Module import syntax (leading / trailing from)

Maël Nison nison.mael at
Wed Jun 11 13:28:31 PDT 2014


It's probably too late to raise an objection, but anyway.

I've tried to find out the rational for the "import [...] from [...]"
syntax (rather than the common "from [...] import [...]"), and only found
the following old thread :, especially
this sentence :

I came to this because earlier versions of the syntax were inconsistent
> about whether from meant the-module-itself or an-export-of-the-module,
> which made it even more confusing. This new syntax was inspired by Python,
> but with import as the leading keyword, rather than from. Which is what
> leads to the inversion of order.

However, I'm still not quite sure to understand why is the "import" key
leading here. It sounds definitely better when speaking (since it's correct
valid english), but I don't find it very nice when wrote in a source code.

For example, I've got a lot of source code in multiple languages where the
imports are sorted according to their categories (vendors / app) and name,
ie something like :

    define( [



    ], [...] )

Using the ES6 syntax, however, comes to :

    import { Backbone } from 'vendors/Backbone';
    import { _ }        from 'vendors/Underscore';
    import { $ }        from 'vendors/JQuery';

    import { NoteModel : Note, UserModel : User } from 'models';
    import { NoteView : Note, UserView : View }   from 'views';
    import { MAX_NOTES }                          from 'settings';

The pythonic syntax ("leading from") would have been

    from 'vendors/Backbone'   import { Backbone };
    from 'vendors/Underscore' import { _ };
    from 'vendors/JQuery'     import { $ };

    from 'models'   import { NoteModel : Note, UserModel : User };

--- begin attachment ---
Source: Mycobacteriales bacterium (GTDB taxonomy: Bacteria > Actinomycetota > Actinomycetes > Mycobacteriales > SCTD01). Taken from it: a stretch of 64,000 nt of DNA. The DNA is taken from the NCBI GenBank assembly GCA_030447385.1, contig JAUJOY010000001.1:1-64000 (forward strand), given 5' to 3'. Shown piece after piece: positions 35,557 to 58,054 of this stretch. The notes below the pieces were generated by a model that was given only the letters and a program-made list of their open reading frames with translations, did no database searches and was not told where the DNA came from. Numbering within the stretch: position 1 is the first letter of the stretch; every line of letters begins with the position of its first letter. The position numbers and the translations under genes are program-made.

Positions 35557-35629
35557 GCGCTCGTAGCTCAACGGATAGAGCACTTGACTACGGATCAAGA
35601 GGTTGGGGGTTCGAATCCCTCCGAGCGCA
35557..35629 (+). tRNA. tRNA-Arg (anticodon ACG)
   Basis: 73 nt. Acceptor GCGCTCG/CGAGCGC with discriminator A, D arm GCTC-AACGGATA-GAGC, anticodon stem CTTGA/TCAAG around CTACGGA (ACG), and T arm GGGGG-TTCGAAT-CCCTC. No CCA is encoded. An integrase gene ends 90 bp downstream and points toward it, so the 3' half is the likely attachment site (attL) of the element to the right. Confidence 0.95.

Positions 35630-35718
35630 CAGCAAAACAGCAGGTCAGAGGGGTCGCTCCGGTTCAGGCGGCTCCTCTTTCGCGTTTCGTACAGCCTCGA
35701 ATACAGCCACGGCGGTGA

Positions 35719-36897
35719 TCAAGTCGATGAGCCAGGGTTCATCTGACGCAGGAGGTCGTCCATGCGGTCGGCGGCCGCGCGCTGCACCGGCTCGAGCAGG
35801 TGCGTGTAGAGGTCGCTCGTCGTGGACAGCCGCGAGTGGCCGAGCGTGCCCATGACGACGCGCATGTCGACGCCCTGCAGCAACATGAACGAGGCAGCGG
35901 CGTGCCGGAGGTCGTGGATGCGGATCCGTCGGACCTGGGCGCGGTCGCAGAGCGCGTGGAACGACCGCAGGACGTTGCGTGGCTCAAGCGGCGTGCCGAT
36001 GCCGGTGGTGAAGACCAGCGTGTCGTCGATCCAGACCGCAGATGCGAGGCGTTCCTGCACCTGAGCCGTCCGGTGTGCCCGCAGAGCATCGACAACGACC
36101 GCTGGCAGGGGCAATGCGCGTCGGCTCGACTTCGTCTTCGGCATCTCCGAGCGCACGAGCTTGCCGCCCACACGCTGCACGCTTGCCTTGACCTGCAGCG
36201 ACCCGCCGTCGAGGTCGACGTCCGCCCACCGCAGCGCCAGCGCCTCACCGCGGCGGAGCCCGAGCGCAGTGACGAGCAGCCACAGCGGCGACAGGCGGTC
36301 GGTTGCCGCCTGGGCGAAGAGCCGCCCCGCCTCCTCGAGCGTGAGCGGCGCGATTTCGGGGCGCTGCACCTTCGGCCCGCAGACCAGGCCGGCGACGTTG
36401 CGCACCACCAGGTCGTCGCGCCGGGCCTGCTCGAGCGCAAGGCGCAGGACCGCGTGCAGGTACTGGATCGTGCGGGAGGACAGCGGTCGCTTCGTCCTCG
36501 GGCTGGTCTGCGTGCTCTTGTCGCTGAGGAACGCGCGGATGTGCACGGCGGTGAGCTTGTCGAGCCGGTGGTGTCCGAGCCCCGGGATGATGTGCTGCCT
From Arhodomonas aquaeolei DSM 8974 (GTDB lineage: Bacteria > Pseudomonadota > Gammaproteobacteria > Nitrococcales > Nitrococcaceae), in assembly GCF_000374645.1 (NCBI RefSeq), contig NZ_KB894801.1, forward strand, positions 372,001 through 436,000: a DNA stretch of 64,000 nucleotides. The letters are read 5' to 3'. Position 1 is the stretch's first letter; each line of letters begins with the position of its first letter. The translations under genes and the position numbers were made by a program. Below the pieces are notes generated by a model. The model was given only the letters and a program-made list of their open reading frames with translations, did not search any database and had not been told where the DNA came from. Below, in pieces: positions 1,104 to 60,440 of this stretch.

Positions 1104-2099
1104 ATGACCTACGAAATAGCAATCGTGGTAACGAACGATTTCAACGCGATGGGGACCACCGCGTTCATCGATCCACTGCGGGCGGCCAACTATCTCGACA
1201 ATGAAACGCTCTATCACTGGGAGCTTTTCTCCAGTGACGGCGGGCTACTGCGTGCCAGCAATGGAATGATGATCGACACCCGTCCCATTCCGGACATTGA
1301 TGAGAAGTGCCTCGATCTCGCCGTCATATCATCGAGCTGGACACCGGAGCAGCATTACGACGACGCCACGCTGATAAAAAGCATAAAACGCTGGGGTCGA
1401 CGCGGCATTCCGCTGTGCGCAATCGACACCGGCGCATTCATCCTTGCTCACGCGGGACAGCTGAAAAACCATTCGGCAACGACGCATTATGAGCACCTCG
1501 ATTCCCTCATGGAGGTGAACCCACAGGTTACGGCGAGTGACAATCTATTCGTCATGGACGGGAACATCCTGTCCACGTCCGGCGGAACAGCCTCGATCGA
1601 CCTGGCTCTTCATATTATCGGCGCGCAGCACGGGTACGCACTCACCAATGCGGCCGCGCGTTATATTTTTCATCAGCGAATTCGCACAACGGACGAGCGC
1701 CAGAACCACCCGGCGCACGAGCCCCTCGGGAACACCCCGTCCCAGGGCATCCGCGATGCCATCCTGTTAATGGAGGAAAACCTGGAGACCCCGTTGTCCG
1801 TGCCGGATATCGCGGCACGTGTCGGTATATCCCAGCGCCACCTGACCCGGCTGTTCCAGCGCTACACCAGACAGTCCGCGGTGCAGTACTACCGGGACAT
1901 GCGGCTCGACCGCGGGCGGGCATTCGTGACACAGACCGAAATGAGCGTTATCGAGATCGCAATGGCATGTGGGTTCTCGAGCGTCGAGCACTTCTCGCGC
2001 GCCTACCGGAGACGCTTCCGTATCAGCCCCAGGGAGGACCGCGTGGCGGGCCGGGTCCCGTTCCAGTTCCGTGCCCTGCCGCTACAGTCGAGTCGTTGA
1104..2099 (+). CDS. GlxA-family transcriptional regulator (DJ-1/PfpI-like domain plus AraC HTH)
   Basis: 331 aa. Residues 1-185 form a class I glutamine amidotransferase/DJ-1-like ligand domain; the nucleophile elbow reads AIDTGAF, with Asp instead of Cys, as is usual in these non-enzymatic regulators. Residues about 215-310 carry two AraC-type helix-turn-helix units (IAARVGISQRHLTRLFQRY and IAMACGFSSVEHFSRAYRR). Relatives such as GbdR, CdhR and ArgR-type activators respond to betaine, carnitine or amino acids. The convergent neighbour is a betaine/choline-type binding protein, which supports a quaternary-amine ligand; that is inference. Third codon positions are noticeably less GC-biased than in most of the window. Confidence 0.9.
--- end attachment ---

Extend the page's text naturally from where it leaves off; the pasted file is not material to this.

from 'views'    import { NoteView : Note, UserView : User };
    from 'settings' import { MAX_NOTES };

Which, I think, is clearer : the reader knows what are the components used
by the module at the first glance. A "trailing from" sounds more difficult
to read, since it may be at the right of the screen (or even hidden
depending on the screen width).

I would also argue that knowing the module is more important than knowing
the symbols, since multiple modules can export the same symbols, and then
the reader has to parse the destructuring import to know what is the symbol
purpose (or look at the right).

Finally, symbols are often added / removed in a source code. However, a
module name doesn't often change. Using a "trailing from" may be a burden
for OCD-driven developers who like to keep some kind of indentation inside
their code.

    import { NoteModel : Note, UserModel : User } from 'models';
    import { MAX_NOTES }                          from 'settings';

Which becomes after a new feature

    import { NoteModel : Note, UserModel : User, ReferenceModel : Reference
} from 'models';
    import { MAX_NOTES }
   from 'settings';

Then again after a refactoring

    import { BookModel : Book, UserModel : User } from 'models';
    import { MAX_NOTES }                          from 'settings';

The issue also arises in some extreme cases (this example comes from
Traceur) :


In such a case, it's not very clear which is the module holding those
symbols (our eyes are trained to read from the top to the bottom, and I
think there's also a pythonic legacy which attracts the eyes at the top to
find the module name).

That's a purely cosmethic note, and I'm very satisfied by the current
direction of ES6; I was just wondering if this point had been discussed


Maël Nison (arcanis <>)
Frontend Developer @ Sketchfab
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